|Rocky Mountain 15mm
|Rocky Mountain 12x142mm
|F: Kenda Flitridge Pro DTC TR 700 x 40c | R: Kenda Flitridge Pro DTC TR 700 x 40c
|Click to view
|Specialized Diverge Elite E5
|2 x 10
|Shimano GRX 400, GRX 600
|Cannondale Topstone 3
|2 x 9
|Shimano Sora, FSA
|Canyon Grizl 6
|650b / 700c x 45 mm
|2 x 10
|Shimano GRX 400, GRX 600
|Kona Rove AL 650
Specialized Diverge Elite E5 vs. Rocky Mountain Solo 30
I have to say, the Specialized Diverge Elite E5 offers a wider range of color choices. So, for users who don’t fancy a black finish, the Specialized Diverge Elite E5 might provide the options you’re looking for.
While the Specialized Diverge Elite E5 comes at a slightly higher price point than the Rocky Mountain Solo 30, I must also admit that its geometry design leans more towards comfort. It features a more relaxed head tube angle (71.25°), and its bottom bracket height (270mm) is lower, resulting in a more comfortable and stable ride.
However, it’s important to note that the Specialized Diverge Elite E5 employs a 2×10 drivetrain, which can be relatively heavier. For beginners, the 1× drivetrain system used in the Rocky Mountain Solo 30 is easier to handle.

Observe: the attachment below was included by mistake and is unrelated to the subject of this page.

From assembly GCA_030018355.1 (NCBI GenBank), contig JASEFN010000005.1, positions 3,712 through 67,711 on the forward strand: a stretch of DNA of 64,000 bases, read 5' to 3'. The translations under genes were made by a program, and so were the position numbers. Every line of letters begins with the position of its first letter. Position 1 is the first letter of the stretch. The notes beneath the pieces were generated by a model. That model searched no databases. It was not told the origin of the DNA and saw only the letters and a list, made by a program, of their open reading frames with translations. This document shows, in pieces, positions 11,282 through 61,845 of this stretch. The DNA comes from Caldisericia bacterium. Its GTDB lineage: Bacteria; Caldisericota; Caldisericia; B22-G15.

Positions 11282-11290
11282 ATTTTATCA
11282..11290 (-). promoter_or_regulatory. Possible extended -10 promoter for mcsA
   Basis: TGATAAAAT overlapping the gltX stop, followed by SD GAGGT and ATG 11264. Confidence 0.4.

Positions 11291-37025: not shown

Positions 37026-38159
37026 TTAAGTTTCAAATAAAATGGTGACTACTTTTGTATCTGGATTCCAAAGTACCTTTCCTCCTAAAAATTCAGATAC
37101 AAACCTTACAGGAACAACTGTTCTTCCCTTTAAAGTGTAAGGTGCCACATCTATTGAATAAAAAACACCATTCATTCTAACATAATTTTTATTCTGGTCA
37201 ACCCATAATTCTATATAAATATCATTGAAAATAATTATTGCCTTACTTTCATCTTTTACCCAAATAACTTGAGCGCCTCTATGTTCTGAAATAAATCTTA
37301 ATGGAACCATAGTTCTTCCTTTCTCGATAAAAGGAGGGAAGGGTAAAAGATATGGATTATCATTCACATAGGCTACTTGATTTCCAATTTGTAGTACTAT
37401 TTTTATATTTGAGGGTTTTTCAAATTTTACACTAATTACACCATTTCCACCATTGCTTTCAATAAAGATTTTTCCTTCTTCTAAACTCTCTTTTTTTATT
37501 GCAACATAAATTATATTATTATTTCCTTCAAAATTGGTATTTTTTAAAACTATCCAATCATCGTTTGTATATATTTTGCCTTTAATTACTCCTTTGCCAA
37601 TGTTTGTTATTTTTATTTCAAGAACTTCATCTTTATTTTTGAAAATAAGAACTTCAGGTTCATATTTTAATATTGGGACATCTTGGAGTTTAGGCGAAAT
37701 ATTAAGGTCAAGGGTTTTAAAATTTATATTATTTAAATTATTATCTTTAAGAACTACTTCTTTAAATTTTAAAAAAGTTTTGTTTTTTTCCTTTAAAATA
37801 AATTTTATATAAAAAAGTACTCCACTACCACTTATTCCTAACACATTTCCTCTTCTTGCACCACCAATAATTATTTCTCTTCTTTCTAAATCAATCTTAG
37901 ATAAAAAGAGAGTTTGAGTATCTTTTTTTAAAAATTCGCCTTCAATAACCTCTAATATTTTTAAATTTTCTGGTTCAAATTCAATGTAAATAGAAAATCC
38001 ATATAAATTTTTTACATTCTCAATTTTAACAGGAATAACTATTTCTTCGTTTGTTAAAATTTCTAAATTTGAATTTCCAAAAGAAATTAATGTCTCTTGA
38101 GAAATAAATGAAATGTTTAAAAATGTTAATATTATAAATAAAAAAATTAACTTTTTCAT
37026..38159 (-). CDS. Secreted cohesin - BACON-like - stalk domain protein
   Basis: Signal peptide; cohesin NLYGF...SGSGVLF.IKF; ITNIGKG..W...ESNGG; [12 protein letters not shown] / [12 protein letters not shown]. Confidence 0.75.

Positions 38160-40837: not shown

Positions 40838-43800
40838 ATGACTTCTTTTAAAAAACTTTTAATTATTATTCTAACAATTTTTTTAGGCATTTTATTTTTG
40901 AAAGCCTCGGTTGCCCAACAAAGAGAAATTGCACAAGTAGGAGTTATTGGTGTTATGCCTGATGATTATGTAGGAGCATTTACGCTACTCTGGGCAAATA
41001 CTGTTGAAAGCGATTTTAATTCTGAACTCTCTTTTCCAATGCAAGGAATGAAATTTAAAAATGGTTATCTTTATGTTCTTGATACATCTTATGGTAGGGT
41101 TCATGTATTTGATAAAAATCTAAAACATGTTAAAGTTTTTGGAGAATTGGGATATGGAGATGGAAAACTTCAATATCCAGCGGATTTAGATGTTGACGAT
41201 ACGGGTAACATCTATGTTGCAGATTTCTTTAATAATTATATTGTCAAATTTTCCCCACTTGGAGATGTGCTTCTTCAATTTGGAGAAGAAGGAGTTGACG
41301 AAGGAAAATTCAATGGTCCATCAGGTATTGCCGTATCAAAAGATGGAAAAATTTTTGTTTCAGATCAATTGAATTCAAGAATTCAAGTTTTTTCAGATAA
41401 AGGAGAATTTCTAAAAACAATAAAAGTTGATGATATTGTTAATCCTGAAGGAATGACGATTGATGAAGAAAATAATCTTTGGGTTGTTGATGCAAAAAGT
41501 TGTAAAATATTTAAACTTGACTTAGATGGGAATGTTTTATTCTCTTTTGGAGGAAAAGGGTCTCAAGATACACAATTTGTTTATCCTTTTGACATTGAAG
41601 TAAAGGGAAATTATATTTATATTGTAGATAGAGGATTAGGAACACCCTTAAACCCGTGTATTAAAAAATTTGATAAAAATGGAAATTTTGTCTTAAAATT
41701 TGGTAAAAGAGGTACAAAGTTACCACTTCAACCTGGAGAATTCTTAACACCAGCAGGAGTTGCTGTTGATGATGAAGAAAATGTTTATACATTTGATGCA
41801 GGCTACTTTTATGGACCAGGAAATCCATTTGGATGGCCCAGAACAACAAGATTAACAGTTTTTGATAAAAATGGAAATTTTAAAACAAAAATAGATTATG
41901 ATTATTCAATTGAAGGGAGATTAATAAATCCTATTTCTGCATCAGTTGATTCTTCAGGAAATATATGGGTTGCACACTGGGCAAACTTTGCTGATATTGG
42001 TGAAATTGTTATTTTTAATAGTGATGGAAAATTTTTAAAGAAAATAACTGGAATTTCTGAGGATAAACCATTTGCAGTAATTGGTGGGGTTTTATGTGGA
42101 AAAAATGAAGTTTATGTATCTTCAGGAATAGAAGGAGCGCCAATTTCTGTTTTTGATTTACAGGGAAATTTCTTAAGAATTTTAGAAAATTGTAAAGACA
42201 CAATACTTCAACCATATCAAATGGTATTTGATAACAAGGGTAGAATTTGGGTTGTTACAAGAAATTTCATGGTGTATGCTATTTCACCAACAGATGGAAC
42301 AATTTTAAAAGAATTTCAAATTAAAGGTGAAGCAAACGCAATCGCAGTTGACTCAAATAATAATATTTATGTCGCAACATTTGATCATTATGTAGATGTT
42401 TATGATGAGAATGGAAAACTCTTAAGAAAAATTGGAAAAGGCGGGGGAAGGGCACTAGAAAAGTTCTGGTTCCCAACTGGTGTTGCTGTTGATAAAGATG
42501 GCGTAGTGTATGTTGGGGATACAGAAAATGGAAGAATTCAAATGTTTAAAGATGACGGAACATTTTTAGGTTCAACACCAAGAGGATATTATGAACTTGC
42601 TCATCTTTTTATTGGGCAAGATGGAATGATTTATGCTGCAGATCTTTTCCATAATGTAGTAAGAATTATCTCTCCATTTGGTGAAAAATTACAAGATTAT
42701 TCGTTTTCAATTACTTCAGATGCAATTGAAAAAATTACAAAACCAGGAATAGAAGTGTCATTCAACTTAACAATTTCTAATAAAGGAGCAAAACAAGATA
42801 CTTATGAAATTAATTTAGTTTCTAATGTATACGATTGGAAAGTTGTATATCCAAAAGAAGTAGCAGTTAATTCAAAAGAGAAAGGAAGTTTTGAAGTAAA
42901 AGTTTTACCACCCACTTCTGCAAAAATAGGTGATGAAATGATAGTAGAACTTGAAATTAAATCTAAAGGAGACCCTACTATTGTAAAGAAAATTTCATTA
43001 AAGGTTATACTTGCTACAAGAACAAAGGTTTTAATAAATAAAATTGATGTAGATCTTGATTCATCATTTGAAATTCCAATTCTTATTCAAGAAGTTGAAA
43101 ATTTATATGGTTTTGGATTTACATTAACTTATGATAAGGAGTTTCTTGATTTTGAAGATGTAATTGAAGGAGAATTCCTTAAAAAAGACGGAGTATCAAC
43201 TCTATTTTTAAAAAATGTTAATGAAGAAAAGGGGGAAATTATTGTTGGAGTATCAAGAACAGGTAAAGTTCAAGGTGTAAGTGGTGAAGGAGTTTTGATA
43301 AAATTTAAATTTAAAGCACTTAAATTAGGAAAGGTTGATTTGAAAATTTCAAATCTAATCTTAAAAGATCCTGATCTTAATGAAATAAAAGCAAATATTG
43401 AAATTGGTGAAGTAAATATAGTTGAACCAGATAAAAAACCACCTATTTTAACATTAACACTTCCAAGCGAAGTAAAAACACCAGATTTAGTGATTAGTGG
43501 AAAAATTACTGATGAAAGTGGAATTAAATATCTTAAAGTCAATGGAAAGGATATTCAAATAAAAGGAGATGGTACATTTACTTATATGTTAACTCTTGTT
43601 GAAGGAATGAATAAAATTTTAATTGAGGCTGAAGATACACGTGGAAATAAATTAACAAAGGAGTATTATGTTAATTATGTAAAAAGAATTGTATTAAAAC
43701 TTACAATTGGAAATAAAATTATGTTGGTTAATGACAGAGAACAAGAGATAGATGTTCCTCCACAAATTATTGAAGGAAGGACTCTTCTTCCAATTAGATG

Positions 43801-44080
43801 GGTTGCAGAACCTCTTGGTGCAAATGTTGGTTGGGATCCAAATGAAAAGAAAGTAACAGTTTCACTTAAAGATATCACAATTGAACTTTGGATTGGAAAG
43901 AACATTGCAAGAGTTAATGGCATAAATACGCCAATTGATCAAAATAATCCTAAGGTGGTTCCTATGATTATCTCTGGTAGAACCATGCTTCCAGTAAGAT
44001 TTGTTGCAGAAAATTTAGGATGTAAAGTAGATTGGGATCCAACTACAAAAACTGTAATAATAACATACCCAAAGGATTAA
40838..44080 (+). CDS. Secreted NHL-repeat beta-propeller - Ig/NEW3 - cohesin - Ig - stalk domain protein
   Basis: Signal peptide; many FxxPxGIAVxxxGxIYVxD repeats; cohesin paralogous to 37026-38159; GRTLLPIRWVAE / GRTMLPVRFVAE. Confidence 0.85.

So, if you’re not a fan of black paint and desire more gear options, it might be worth trying out the Specialized Diverge Elite E5. If you’re a beginner with a limited budget, I’d recommend giving the Rocky Mountain Solo 30 a shot.
Cannondale Topstone 3 vs. Rocky Mountain Solo 30
The tire width on the Cannondale Topstone 3 is slightly narrower compared to the Rocky Mountain Solo 30. For riders who pay attention to details, this might not be easily overlooked. I find that narrower tires provide faster rolling speed. Additionally, when it comes to drivetrains, the Rocky Mountain Solo 30 features a 1×11 SRAM Apex 1, while the Cannondale Topstone 3 uses a 2×9 Shimano Sora GS. These are components from two reputable brands, and there’s no need for me to go into extensive detail because they are both excellent. Your choice can be based on your preference for a particular brand or how many gears you prefer to have.
When selecting a bike, we also consider its brakes. The Rocky Mountain Solo 30 is equipped with TRP Spyre mechanical disc brakes, which utilize a unique dual-piston design and perform exceptionally well on challenging road surfaces.
On the other hand, the Cannondale Topstone 3 comes with the Promax Decoder R mechanical disc brakes, which are relatively straightforward. They handle simpler road conditions perfectly fine.